The Committee of the Whole meets at 9:30am but there's a board meeting at the exact same time which isn't right.

My guess is there is a plan to have the board meet right after the first COTW meeting to pass whatever motion makes it through the first meeting.


If that's the case, the CRD rubber stamp is out of control.

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John added:
That Stantec sludge report totally lacks transparency about options because report only refers briefly on page 4 to November 2009 Stantec/Brown & Caldwell Biosolids Management Plan(BMP) that delved deep into why mixing sewage sludge with organic kitchen scraps was great idea for generating energy AND for reducing landfill volumes (Section 4):

Integration of solid waste, liquid waste and organics hasn't been on CRD's official agenda, but current events in Central Saanich and Hartland seem to be pushing the agenda in that direction anyway. 

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CHEK VIDEO CLIP ABOUT HARTLAND INCINERATOR THREAT

CHEK on the CRD Commission's threat of a sewage incinerator at Hartland:
http://youtu.be/Bf5XtSi9XaM

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Alternate sewage proposal for regional plants, gasification rejected by director

ROB SHAW 
TIMES COLONIST 
OCTOBER 26, 2013
     
The director of Greater Victoria’s sewage project is throwing cold water on an alternate proposal for regional plants and gasification that would handle garbage and kitchen waste.

Albert Sweetnam said gasification, the process of heating waste to produce gases, has been around for some time but remains “an industry in its infancy” limited to small projects mainly in Japan and Europe.

“It’s still something people are looking at and researching and trying to develop,” he said Friday.

“As an established municipality or region, we’d not really be looking at this because it would not fall under what we call proven technology. For us, proven technology is defined in a couple of ways: one, is it’s been around at least five years, and the other is it’s been operating at the type of volumes we’d expect.”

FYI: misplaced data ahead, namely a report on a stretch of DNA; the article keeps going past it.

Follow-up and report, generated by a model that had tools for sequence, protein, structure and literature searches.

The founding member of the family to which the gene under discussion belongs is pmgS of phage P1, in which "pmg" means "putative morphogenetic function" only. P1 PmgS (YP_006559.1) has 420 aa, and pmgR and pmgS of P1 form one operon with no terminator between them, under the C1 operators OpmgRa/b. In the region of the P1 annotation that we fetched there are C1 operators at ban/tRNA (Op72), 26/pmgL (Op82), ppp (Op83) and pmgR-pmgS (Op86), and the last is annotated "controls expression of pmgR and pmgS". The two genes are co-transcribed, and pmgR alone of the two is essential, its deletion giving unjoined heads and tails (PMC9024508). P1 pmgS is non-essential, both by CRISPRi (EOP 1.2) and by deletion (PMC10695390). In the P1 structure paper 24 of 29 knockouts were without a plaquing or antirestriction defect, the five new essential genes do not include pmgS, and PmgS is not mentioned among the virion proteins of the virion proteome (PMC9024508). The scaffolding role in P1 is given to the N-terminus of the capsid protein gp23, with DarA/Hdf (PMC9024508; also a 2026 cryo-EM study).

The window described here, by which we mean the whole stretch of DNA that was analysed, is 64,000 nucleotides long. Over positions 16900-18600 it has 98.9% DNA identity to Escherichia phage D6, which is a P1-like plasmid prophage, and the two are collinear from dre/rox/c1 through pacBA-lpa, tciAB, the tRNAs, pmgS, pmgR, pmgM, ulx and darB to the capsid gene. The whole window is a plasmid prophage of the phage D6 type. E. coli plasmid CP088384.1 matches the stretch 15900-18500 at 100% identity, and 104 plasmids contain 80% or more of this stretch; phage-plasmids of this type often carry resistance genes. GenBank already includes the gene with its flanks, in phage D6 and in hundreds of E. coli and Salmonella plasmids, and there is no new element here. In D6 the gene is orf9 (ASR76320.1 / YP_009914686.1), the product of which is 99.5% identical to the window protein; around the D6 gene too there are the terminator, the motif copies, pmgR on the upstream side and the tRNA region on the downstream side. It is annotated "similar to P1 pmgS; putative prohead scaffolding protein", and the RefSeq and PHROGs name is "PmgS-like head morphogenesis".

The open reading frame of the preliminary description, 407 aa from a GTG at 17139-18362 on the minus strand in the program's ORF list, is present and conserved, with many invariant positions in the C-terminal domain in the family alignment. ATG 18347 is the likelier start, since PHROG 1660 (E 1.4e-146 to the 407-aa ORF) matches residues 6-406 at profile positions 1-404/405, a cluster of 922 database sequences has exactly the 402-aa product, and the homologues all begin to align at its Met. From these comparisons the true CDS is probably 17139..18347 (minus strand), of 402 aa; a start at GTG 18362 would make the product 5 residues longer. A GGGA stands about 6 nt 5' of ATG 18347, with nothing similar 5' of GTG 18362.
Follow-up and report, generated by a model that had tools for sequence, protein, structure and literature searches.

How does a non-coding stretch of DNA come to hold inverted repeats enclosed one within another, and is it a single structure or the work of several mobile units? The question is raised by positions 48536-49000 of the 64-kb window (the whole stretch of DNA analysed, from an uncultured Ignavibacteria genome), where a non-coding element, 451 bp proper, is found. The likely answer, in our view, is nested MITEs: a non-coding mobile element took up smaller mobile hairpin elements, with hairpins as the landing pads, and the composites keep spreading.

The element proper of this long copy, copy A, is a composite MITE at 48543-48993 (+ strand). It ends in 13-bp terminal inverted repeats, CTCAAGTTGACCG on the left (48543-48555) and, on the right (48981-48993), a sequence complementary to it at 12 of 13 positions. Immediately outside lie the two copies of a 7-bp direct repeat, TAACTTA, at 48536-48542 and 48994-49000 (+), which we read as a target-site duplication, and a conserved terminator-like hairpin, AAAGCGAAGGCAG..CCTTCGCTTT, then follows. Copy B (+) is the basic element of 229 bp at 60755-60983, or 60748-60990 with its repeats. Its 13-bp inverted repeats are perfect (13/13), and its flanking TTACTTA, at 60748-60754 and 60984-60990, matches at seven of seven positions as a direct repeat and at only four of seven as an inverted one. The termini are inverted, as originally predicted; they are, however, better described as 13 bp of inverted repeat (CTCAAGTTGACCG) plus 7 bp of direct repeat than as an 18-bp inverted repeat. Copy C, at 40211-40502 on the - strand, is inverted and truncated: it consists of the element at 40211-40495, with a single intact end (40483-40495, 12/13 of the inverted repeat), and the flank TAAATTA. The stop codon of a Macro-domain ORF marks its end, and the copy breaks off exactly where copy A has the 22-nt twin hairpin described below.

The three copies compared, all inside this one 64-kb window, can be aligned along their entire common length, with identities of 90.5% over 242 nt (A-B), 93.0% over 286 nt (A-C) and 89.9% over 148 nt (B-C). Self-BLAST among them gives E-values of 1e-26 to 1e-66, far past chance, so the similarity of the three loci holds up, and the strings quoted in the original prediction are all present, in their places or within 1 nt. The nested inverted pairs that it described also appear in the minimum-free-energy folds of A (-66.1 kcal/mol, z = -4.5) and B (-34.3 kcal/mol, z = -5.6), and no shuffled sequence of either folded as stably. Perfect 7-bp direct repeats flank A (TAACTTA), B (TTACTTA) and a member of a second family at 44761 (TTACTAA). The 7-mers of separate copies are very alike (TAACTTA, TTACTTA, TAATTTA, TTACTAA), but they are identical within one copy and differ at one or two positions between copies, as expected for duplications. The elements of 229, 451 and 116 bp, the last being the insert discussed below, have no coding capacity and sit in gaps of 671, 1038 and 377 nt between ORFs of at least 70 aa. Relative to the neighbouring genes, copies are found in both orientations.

The Sewage Treatment Action Group pitched the idea Thursday, gaining the support of Oak Bay-Gordon Head MLA Andrew Weaver.

The group proposed up to 15 small tertiary-level sewage treatment plants at existing Capital Regional District pump stations, and a gasification plant at Hartland landfill that would handle sewage sludge, garbage and kitchen scraps.

The plants would offer a higher level of sewage treatment than what is planned by the CRD, and the gasification plant would allow many types of waste to be dealt with at one facility, proponents of the alternate plan say.

“There is no land at the existing pump stations,” said Sweetnam, who said the idea has previously been examined by CRD staff.

“Even if you were fortunate enough to find land throughout [the CRD] for these plants, you still have to truck the sludge somewhere similar to Hartland, and you are talking about 31 major tractor-trailers full of sludge on the road every day. That’s quite significant.”

The CRD’s civilian commission is willing to look at any companies that bid on the Hartland sludge facility and propose gasification technology, Sweetnam said, but they would need to prove the technology works at the scale proposed and has a track record elsewhere.

rshaw@timescolonist.com

http://www.timescolonist.com/alternate-sewage-proposal-for-regional-plants-gasification-rejected-by-director-1.673819

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LETTERS

Hartland biosolids centre solution leaves a bad taste (Bickerton)

Victoria News
October 24, 2013

I am annoyed to learn the sewage biosolids plant could be built at the Hartland Road dump.

Seaterra is just another example of re-branding a sewage concept with a “no-money-back guarantee.” Some Capital Regional District directors are being misled by a Pied Piper tune – acting like lemmings falling over a cliff in pursuit of promised provincial and federal funding. The promises are as thin and transparent as cheap bathroom tissue, all in pursuit of a byproduct consisting of sludge, herbicides, insecticides and toxins.

The $783 million quotation is likely just the down payment. Consider past financial miscalculations for the CREST radio system, McTavish Road Interchange, CRD kitchen scraps program, Viewfield Road treatment site and other infrastructure upgrades.

There are no costs to CRD politicians who make bad decisions, other than losing their election. For those who win, there will be self-regulated bonuses, no-fault clauses and amnesty for cost overruns likely hidden by in-camera confidential discussion. Taxpayers must still pay increased property taxes when municipal services are further reduced.

The CRD has chosen to ignore the wisdom of experts like Dr. Shaun Peck. Instead, it is relying on advice from interest groups and lobbyists such as the David Suzuki Foundation.

Several less expensive tertiary sewage treatment plants should be built throughout the Capital Region, using Dockside Green as their model.

If CRD proceeds with their expensive obsolete plan, there will be fewer private projects attempted, owing to new higher taxes, fees and a growing to-do list from all three levels of government. That leads to less disposable income for local residents and businesses.

Fortunately, at local coffee shops, there is an expanding group of seniors in disagreement with the CRD’s decision. They are well-informed voters.